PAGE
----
Jodi turned toward him, the frown meant for Burt’s evasiveness still on her face.  “We know about you and Burt,” she said.

Tyler’s blue eyes widened…and then rolled back in his head and he collapsed to the ground before anyone could move to catch him.  Burt reached his side first, looking stricken.  He checked his lover’s pulse and then, surprisingly, pulled Tyler into his arms and held him close.  “He fainted?” Nancy said disbelievingly.  “Just because…”

“There’s no ‘just’ about it,” Burt ground out, not taking his eyes off his lover’s pale face.  “It’s his worst nightmare come to life.  And he hasn’t been feeling well the last couple of days, either.”  He did look up then, at Twitchell.  “You know.”

“Yeah, I checked it out a while back,” the agent admitted, looking relieved – that was one secret he hadn’t liked keeping.  “Didn’t find much, they hushed it up good.  But I got enough to know that if the kid wasn’t one hell of a driver he’d be charcoal right now.  And the guy who started it isn’t in the business any more.  He’s not too happy about it either; the circuit blackballed him, he’ll never work in the pits again and he blames it all on the boy wonder there.”  Twitchell grimaced.  “Now that it’s no big secret any more I’ll bring out what I’ve got on him, you’ll probably want to keep an eye out in case he shows up looking for trouble.  It’s not like it’s a secret that Reed’s out here.”

Burt muttered something under his breath about introducing the bastard to El Blanco, but Tyler was starting to stir in his arms and he quickly switched gears.  “It’s all right, Tyler,” he said softly, patting his lover’s stubbled cheek.  “Come on, come back to me, it’s all right.”

Blue eyes blinked open, startled.  It took a moment for the situation to register, and then Tyler struggled to separate himself from Burt’s hold.  When Burt wouldn’t release him he finally gave up.  “Burt?”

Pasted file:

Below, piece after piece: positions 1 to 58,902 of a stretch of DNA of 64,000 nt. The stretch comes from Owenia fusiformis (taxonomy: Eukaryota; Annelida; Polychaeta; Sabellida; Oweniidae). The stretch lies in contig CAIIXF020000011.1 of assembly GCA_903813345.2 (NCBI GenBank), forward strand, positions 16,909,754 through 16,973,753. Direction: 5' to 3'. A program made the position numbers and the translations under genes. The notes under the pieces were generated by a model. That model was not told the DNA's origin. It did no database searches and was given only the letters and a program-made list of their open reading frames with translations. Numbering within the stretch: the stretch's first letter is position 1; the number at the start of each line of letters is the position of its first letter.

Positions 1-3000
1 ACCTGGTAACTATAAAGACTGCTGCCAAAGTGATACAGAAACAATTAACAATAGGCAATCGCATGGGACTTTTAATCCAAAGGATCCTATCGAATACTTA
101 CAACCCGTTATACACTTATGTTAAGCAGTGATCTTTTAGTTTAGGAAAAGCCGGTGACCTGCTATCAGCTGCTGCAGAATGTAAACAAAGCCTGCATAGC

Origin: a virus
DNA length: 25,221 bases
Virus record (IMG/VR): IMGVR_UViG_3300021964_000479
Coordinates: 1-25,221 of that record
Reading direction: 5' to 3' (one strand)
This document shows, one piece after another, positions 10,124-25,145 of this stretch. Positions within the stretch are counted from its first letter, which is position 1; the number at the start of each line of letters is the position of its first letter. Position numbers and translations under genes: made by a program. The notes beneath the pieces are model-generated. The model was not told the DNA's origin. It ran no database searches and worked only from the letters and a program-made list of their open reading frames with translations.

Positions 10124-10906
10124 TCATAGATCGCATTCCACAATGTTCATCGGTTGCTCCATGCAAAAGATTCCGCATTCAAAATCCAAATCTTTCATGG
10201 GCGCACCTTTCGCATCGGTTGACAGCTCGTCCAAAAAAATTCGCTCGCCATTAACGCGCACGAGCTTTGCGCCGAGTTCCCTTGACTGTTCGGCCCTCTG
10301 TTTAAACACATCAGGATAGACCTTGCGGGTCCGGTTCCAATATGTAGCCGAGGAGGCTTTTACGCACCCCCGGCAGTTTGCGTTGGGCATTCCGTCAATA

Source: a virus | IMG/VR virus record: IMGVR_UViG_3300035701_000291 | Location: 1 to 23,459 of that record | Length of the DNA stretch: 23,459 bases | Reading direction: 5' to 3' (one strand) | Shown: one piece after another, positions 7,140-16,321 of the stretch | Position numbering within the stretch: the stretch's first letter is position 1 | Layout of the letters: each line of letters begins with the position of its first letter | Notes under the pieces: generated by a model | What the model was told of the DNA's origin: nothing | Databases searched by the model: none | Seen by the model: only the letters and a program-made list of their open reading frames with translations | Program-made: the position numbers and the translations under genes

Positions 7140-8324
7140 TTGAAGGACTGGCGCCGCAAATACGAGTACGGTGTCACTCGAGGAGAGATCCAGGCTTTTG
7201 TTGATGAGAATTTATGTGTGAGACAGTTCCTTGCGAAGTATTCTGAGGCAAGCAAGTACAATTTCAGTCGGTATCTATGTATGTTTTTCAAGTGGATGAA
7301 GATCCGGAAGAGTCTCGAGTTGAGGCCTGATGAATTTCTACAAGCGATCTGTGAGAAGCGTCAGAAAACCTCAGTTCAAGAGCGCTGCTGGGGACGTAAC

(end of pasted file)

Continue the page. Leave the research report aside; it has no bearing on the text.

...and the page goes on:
“They know, but they’re all right with it,” the older man reassured him.  Nancy moved in to help, and the two of them pulled Tyler to his feet and over to the nearest chair – the one Twitchell had just vacated for him.  “Like I said, everything’s all right.”  Burt ran his fingers through his lover’s long hair, massaging the spot where his head had impacted the wooden floor.  “This isn’t the circuit, Tyler.  The worst that’s going to happen here is getting picked on by a bunch of jealous women.”

Color was starting to seep back into Tyler’s face.  “J-jealous?”

“They saw you out washing your truck last week,” Twitchell informed him, smirking.  “They’re jealous of Gummer.”  He laughed when the returning color became a blush.  “And before you ask – this is the twenty-first century and I’m a federal agent charged with the safety of a giant man-eating mutant worm, I don’t give a rat’s ass who’s sleeping with who out here just as long as the worm isn’t involved.”  Everyone in the room gave him the same disgusted look and he laughed again, reaching for his coffee.  “Hey, it could happen – you’d be surprised the weirdoes that are out there.  The save-the-whales people have that problem all the time.”